1592-96 Oil on canvas, Santa Maria degli Angeli, Perugia. Image: WGA

A cat sleeps on a cushion in the corner of a room while a fourteen year-old virgin receives her pregnancy results from a beautiful, transgender visitor, who presents Madonna lilies as a baby shower gift. She smiles sweetly, and lowers her eyes modestly, grateful but not surprised. She accepts the news in the composed manner of a young prima donna receiving the bouquet that her talent deserves.

The visitor has only just arrived, interrupting the girl reading a small, pocket-sized book, which she lays aside instantly, without closing the pages or rising to her feet. The girl reads a lot. She has few possessions apart from her expensively bound books. She reveres their contents, kneeling while she reads. Her room is sparsely furnished, functional; only the voluptuous folds of the dark red drape loosely knotted over the window relieve the cell-like austerity. She cares about the cat’s comfort as much as her own. She has hung her hat and shawl neatly on a hook. The polished stone tiled floor is clean.

Nothing else is normal, and yet the scene is familiar. The visitor, who kneels before the girl as if she is a queen, has wings, and is accompanied by two over-excited flying babies, clapping their hands and gurgling with joy on either side of a hovering dove. The window drape looks like a stage curtain, framing a view of a white turreted castle on a hill, guarding a city beyond, a landscape in fairyland.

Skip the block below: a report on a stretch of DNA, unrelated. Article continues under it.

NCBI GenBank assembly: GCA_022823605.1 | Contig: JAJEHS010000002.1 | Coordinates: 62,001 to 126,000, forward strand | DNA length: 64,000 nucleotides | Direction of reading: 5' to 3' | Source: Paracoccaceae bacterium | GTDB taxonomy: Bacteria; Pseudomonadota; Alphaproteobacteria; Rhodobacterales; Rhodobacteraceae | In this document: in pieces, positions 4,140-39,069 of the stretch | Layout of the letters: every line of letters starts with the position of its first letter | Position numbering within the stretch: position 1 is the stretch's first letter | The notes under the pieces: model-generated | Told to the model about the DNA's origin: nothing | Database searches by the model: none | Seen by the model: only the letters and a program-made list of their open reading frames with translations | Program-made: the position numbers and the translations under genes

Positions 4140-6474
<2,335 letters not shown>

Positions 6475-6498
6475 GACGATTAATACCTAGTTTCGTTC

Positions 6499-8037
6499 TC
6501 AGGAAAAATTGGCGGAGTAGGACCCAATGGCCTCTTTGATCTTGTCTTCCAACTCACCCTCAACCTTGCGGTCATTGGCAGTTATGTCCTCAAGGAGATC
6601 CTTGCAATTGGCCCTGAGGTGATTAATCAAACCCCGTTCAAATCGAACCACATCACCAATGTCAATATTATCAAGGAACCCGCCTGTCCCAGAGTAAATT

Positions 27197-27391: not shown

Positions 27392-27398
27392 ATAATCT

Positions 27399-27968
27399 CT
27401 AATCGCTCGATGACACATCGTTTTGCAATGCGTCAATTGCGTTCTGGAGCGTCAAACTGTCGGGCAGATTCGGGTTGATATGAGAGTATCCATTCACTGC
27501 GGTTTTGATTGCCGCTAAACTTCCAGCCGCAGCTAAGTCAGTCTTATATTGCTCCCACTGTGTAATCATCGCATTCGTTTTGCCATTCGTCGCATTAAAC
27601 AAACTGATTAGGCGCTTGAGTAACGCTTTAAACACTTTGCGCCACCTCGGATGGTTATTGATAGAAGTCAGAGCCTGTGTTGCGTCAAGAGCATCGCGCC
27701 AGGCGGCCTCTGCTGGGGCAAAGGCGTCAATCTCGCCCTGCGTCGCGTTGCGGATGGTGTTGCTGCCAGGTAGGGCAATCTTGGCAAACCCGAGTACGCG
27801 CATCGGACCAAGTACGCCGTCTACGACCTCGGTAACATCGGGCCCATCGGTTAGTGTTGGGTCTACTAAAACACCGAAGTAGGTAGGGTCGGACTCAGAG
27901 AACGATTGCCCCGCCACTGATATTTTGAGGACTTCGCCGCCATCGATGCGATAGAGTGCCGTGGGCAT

Strangest of all, the ceiling has been removed from the room. The billowing curtain blends into clouds that separate to allow a gigantic elderly man with a long beard to peer down out of a hole in the sky. Golden light radiates behind him, crowded with faces of more chubby babies, made of the Sun, all pressing closer and closer to the girl in the room. He holds his hands palms down over the girl like a puppeteer pulling invisible strings.

The cat sleeps.

Rembrandt’s Cat

Rembrandt, The Holy Family with a Curtain, 1646
oil on wood, Staatliche Museen, Kassel. Image: WGA

Rembrandt, Maria met kind, met kat en slang (Virgin and Child with a Cat and Snake),
etching on paper, 1654. Rijksmuseum Amsterdam.
Image: Wikipedia

Gilded Dramas